Screening for Problem Funds
Our Premium Fund Screener uncovers some possible sell candidates.
Regular readers of Five Star Investor columns know that we frequently use Morningstar’s Premium Fund Screenerto devise filters that help investors uncover best-of-breed funds. In the past, for instance, we’ve whittled down the vast universe of mutual funds to just those cream-of-the-crop core offerings that let you sleep at night, high-yield bond funds for the long haul, and even the best and brightest of the subgroup of funds that invest according to socially responsible criteria.
If you haven’t yet read those articles, now would be a good time to catch up. The Premium Fund Screener is a powerful tool that really can help you home in on funds that are right for your portfolio. Even better, you can save your screens and watch as results change over time, or tweak them as your goals and risk tolerance change.
That said, investors aren’t always looking for funds to buy. Sometimes shareholders want to know if a fund they own is a sell candidate--particularly, of course, after a period of protracted underperformance or when expenses start to tick up. Morningstar’s Analyst Reports remain your best bet when it comes to making that decision, of course, but the Premium Fund Screener can be a useful resource, too.
This week, we'll show you two screens that will help you spot potential sell candidates. First, we'll zero in on growth funds whose fees may have ticked up lately. Expense ratios sometimes rise as assets under management shrink, and given the shellacking growth funds took during the bear market, some investors may now be holding relatively pricey picks. That doesn't make them automatic sell candidates, of course, but a high price tag always warrants investigation.
To run our expenses screen, click here.
For this screen, we simply filtered for diversified domestic-equity growth funds whose expense ratios are above average. Consequently, the tool returned plenty of results. Fine-tuning the filter for more narrowly focused results is simple stuff, however. Click the back button at the bottom of the results page, and you can tweak the screen to scan for, say, just pricey large-growth funds.
For our second screen, we'll filter for funds that have fallen on hard times. More specifically, we'll look for those offerings whose 10-year track records still rank among their peer groups’ best but whose five-year trailing returns look anemic. We’ll test for possible management shakeups by screening for offerings whose teams have been on the case for relatively short periods of time. And as always, we’ll filter for distinct portfolios only, since that will eliminate multiple share classes of the same fund.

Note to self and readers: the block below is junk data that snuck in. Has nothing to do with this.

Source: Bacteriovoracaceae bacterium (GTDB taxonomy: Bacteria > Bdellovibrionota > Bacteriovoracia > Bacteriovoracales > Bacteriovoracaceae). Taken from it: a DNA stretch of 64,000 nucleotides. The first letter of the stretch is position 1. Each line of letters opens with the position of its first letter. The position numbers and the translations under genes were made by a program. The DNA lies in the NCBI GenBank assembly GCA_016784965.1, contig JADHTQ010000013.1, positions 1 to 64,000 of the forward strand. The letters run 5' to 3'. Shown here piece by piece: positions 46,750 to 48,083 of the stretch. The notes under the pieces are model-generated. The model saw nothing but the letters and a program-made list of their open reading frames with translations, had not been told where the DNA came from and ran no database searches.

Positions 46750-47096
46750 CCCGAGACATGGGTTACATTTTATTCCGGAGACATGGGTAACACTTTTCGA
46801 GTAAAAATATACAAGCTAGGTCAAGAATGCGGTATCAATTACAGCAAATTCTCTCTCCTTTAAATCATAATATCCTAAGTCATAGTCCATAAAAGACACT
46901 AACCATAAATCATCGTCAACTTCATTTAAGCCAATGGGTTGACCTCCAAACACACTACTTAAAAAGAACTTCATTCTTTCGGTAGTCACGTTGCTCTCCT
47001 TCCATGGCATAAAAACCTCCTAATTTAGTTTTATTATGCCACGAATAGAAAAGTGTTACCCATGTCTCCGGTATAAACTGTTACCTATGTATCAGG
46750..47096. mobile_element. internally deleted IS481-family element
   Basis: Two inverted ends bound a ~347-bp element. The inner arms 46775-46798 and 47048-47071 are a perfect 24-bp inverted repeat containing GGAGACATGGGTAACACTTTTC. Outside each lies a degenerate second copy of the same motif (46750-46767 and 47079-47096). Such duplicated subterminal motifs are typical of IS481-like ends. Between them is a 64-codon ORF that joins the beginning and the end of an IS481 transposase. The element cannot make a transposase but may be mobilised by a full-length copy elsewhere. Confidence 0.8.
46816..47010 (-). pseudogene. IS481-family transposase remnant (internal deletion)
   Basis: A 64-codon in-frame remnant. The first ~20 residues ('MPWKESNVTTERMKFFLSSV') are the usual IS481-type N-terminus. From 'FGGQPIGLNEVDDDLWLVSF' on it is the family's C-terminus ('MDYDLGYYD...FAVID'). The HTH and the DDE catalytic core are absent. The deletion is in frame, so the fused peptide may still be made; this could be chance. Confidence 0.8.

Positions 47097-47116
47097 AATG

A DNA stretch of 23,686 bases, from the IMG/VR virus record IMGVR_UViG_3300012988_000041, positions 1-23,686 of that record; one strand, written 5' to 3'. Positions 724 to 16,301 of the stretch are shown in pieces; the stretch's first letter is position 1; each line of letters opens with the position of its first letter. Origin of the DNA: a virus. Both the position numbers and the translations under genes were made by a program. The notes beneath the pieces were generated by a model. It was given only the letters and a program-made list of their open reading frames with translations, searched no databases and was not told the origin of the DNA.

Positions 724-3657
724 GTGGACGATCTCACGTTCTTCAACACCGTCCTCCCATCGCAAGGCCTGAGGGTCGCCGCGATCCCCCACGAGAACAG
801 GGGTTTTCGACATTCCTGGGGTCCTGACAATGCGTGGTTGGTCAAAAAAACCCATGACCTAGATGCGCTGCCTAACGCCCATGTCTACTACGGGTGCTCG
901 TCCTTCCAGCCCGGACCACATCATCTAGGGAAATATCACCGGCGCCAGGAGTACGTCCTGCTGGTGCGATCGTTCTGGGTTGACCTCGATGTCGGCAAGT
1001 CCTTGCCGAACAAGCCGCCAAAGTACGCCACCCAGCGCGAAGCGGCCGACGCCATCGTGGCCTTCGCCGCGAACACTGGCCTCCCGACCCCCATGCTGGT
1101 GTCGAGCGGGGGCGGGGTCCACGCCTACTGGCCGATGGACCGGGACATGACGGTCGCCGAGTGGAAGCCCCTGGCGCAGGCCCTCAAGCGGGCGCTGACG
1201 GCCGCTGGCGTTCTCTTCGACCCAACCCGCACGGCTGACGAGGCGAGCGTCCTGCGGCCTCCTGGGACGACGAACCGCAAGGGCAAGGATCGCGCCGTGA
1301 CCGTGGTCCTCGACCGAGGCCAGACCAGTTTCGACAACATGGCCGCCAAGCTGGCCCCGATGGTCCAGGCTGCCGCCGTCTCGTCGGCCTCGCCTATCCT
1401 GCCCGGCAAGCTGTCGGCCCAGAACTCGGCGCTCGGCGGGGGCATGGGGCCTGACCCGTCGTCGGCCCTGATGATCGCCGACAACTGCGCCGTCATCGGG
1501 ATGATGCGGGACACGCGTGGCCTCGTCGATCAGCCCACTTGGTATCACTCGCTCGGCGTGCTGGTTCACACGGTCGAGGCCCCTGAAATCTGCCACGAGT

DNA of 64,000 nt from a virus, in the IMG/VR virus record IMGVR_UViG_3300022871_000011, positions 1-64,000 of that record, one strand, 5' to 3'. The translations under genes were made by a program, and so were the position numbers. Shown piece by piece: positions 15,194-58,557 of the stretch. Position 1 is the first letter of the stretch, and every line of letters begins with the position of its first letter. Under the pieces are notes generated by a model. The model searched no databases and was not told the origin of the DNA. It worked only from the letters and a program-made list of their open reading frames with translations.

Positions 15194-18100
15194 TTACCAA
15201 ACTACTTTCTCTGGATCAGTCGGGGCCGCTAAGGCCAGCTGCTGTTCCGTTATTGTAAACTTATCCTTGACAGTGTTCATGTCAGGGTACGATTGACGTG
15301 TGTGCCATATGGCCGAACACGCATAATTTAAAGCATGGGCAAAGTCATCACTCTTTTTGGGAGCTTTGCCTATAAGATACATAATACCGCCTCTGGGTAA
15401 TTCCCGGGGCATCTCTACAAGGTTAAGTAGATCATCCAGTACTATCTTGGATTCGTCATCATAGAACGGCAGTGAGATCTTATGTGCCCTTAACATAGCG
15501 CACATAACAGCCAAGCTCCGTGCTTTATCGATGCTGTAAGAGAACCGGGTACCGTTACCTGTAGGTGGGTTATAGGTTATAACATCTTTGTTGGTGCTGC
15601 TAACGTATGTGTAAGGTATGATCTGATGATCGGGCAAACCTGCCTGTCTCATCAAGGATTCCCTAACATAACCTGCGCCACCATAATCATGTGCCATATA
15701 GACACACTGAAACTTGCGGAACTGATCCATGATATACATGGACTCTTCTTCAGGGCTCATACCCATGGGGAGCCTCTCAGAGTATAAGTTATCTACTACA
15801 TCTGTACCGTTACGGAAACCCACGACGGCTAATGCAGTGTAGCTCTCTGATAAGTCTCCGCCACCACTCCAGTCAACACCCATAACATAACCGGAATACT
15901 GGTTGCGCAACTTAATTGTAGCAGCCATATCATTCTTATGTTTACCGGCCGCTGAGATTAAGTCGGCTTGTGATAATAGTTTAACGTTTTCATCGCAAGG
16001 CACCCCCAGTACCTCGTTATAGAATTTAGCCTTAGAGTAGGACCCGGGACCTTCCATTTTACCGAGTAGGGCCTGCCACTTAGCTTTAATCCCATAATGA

Click hereto run this screen yourself.
Fortunately, the number of funds that meet the criteria for this screen is quite small. Indeed, only two core holdings make the failing grade. But, to ask the burning question, if any of these struggling picks reside in your portfolio, should you immediately kick them out?
Absolutely not. Before coming to a conclusion about that, you’ll need to research the reasons for the fund’s poor performance. Has there been a management downgrade? A significant strategy change? Those may be compelling reasons to sell. If, however, all the reasons you bought the fund to begin with remain intact, you’ll likely want to stay the course.
Morningstar analysts have weighed in on all but one of the funds that turned up in this screen's results, and so their reports should be your first stop. In the meantime, we highlight (or lowlight, as the case may be) three of the laggards below.
Fidelity Select Health Care (FSPHX)
This fund offers broad health-care exposure, but drug firms are consistently the biggest drivers of its performance. Pharmaceutical stocks have been a drag in recent years, but the fund has delivered competitive long-term returns with relatively modest volatility. We like this fund a lot--it's a Fund Analyst Pick in the specialty-health category--but it does have a history of frequent manager turnover.
Weitz Hickory (WEHIX)
This value fund buys only about 30 stocks and concentrates its holdings in a few sectors. Although it has hurt the fund in recent years, the strategy has worked well in the past. The fund closed its doors to new investors in 1998. It changed managers at the end of 2002.
Strong Corporate Bond Inv
Manager Janet Rilling concentrates on BBB rated issues and holds a bit less than 10% of the fund's assets in junk bonds (down from 20% in years past). Since becoming lead manager in July 2002, she has worked to reduce the fund's individual position sizes in an effort to limit the fund's volatility. She keeps duration (a measure of interest-rate risk) within a year of the Lehman Brothers BBB Corporate Index's.
Shannon Zimmerman does not own (actual or beneficial) shares in any of the securities mentioned above. Find out about Morningstar’s editorial policies.